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A street food experience

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Part of the commotion on Saigon’s streets is due to the numerous food vendors and cooks that line the pavements. In corners, next to lamp poles, in shelters made of parked bikes, people squat or sit on little stools and cook mammoth pots of soup and noodles and rice. They cook over fires made in hollow logs and tin cans – or with electricity through wires plugged into utility poles. Vietnamese legs seem significantly more flexible than American ones. Not only the cooks but their customers bend and crouch effortlessly and seem to occupy much less space than one would think.

We left early this morning to walk through areas filled with neighborhood cooks and customers having breakfast at their “spots.” We walked through food markets filled with vendors scaling fish and chopping pig’s tails and sorting lotus seeds. One woman was an artist at preparing pineapple. Our guide spoke proudly of the Vietnamese culture and cuisine and how nothing is considered inedible. They eat insects and rats, snake and dog, ears and feet. Pig placenta (bottom of first photo below) is a particular - and expensive - delicacy. The cuisine strives to balance yin and yang (we’re a little confused about what is hot and what is cool), and a medicinal value is attributed to most foods. We were party to an English conversation between a Japanese guest and a Vietnamese tour guide about which plant leaves make you poo-poo and which make you pee-pee. She purchased a large bag of the former.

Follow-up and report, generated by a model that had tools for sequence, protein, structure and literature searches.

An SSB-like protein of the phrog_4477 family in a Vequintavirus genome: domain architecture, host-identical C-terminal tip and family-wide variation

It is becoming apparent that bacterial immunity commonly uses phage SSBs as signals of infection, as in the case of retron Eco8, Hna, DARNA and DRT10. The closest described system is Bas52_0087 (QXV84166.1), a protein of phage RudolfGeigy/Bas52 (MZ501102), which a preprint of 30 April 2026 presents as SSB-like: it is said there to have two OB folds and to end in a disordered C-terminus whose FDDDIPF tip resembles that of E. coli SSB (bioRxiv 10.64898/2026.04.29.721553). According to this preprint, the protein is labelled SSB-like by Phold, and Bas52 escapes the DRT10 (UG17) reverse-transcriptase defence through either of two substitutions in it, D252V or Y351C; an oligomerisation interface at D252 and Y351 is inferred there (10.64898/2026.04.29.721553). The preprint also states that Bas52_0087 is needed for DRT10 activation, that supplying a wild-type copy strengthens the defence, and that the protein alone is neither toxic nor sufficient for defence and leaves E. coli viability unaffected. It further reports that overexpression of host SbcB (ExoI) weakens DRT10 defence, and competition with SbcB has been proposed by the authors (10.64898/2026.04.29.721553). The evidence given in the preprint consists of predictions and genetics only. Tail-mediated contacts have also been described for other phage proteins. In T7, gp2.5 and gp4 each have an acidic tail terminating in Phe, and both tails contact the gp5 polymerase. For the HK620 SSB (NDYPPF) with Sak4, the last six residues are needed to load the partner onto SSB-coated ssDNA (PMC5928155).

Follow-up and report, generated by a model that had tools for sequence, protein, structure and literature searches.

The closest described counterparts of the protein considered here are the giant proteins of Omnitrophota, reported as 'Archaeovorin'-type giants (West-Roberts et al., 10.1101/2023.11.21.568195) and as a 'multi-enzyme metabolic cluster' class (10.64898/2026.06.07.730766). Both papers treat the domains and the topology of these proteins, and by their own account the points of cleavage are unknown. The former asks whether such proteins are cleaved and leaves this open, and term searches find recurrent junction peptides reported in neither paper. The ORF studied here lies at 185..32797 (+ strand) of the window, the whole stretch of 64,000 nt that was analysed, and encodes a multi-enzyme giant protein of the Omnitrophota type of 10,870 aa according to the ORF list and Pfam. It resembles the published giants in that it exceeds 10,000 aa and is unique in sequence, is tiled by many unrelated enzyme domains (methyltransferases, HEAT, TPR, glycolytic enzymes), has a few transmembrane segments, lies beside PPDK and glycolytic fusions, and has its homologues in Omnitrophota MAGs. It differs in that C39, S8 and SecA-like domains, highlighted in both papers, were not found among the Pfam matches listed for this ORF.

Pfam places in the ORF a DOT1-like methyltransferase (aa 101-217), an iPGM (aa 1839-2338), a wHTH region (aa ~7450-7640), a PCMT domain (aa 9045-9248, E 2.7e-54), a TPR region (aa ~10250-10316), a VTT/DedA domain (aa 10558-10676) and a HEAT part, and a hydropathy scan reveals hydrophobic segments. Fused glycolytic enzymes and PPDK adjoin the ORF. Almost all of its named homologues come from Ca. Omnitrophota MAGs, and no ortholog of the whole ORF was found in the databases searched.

Lunch was at Ngon, an elegant restaurant that houses many “upscale” street vendors under one stunning roof. We loved sitting down at a table in a beautiful space. Before serving the bountiful meal, the waiter asked if any of us were vegetarians – a surprising number of heads nodded yes!!

Posted by HopeEakins 20:23 Archived in Vietnam

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